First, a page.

News / Health

International Donors Support New Global Vaccine Initiatives

Aliyatu Abdulai (R), a Maternal and Child Health Aide, administers a vaccine to a child in the village of Sembehun, Sierra Leone, which is supported by the GAVI Alliance that funds vaccine programs, May 23, 2011
Aliyatu Abdulai (R), a Maternal and Child Health Aide, administers a vaccine to a child in the village of Sembehun, Sierra Leone, which is supported by the GAVI Alliance that funds vaccine programs, May 23, 2011

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Vidushi Sinha

Private donors and world leaders attending a conference in London June 13 pledged nearly $5 billion to the Global Alliance on Vaccines and Immunization, or GAVI.  The pledges were $1 billion more than requested and over the next four years will help pay to vaccinate more of the world's children against killer diseases.

The philanthropists, corporate executives and political leaders meeting in London together pledged $4.7 billion to fund vaccination programs in low-income developing countries.

David Ferreira of the Global Alliance for Vaccines and Immunization calls the pledging session a historic milestone in global health.

“A huge victory for the global community and a huge vote of confidence in the power of immunization and the commitment of the global community to immunize the world’s children," he said.

Ferreira says the additional funds pledged in London will help GAVI broaden the availability of the so-called pentavalent vaccines that protect children against five deadly diseases, and to immunize more children against pneumonia and diarrhea.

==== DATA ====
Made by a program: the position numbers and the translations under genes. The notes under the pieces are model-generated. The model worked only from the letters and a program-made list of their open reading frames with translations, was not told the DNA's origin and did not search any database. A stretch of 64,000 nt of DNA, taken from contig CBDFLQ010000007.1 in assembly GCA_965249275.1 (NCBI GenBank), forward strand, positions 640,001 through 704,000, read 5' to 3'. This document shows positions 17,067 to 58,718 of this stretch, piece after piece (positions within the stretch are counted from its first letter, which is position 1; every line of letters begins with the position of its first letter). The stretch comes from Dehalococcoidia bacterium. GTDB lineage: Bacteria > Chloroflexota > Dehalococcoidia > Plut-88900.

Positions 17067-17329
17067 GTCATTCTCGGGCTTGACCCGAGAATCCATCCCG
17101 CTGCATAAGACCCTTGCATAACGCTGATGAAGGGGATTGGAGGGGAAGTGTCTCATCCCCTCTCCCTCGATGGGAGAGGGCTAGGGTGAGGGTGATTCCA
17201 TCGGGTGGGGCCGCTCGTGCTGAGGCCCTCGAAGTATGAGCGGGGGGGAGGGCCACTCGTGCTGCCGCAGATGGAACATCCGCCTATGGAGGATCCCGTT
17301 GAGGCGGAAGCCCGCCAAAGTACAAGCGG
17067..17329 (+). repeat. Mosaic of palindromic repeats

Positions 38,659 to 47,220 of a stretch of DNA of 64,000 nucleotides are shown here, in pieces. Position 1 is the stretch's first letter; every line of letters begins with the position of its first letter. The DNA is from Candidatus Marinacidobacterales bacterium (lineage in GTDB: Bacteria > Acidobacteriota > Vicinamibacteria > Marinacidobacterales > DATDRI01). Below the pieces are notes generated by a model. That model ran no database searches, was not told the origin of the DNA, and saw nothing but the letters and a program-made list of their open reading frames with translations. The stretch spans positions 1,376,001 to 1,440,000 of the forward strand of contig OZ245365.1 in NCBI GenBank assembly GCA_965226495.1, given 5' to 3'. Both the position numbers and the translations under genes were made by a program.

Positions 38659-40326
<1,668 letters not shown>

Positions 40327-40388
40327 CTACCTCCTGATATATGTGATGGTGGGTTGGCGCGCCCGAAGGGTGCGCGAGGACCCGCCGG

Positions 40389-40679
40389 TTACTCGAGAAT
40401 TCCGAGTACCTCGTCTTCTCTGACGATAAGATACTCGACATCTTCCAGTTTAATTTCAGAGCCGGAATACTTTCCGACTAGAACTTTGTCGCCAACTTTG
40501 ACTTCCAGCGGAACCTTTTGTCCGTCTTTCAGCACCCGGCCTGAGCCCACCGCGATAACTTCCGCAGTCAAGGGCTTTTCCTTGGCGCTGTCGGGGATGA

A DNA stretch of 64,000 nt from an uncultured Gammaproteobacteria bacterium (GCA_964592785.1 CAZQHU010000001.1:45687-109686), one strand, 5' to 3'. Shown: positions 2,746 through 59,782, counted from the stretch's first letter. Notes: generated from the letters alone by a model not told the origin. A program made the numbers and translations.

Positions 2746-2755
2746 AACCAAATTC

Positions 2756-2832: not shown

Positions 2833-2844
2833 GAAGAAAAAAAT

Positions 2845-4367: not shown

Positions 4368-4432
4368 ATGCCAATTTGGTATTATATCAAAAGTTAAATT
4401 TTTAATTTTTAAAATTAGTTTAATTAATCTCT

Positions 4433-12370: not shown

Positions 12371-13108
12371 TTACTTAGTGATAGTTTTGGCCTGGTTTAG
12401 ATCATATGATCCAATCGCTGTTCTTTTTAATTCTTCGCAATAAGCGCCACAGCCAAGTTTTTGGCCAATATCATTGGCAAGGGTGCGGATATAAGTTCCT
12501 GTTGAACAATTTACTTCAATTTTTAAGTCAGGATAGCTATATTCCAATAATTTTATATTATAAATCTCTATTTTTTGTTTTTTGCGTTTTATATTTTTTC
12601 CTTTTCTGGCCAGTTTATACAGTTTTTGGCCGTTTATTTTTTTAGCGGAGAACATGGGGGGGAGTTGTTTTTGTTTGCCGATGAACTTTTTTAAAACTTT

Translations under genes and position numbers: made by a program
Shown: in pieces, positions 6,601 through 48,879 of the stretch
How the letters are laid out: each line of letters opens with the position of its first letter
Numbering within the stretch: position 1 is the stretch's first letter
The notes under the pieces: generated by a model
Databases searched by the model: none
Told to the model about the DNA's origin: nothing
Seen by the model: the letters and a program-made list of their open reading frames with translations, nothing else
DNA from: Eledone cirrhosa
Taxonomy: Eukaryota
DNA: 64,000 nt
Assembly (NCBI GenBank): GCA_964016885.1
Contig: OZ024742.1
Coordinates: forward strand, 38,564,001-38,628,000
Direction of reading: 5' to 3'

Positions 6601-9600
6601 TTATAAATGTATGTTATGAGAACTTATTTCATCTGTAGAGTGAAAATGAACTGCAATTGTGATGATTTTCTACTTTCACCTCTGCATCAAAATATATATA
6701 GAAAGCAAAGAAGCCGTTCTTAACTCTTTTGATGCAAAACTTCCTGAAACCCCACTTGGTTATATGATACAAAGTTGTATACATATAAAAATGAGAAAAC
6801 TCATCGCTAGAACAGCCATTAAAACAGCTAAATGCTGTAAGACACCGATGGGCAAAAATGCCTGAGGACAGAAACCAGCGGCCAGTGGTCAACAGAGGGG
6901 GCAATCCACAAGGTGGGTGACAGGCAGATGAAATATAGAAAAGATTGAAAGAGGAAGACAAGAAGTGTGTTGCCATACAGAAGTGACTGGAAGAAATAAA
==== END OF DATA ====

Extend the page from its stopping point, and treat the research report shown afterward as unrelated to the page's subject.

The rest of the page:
“Believe it or not, pneumonia and diarrhea are two leading killers for children under five on the planet," he said.

GAVI also plans to develop new vaccines against other killer diseases.   Peter Hotez, president of Sabin Vaccine Institute, says that in addition to researching new vaccines for malaria, typhoid and dengue fever, he's hopeful GAVI can focus on neglected tropical diseases. Those infections affect more than a billion people around the world.

“These vaccines will not only improve health but will lift people out of poverty.  That’s why we call these neglected tropical diseases vaccines the anti-poverty vaccines," he said.

Hotez says 70 percent of the world’s neglected tropical diseases occur in countries of strategic interest to the United States, and collaborating on vaccination programs could help to bridge some wide diplomatic gaps.

“For instance the Iranians will love to make Leishmaniasis vaccine, the Indonesian Schistosomiasis vaccine. Why aren’t we working with them as a form of science diplomacy or vaccine diplomacy? It is a great opportunity to have," he said.

Health officials hope to vaccinate more than 250 million children over the next several years and save about four million lives.

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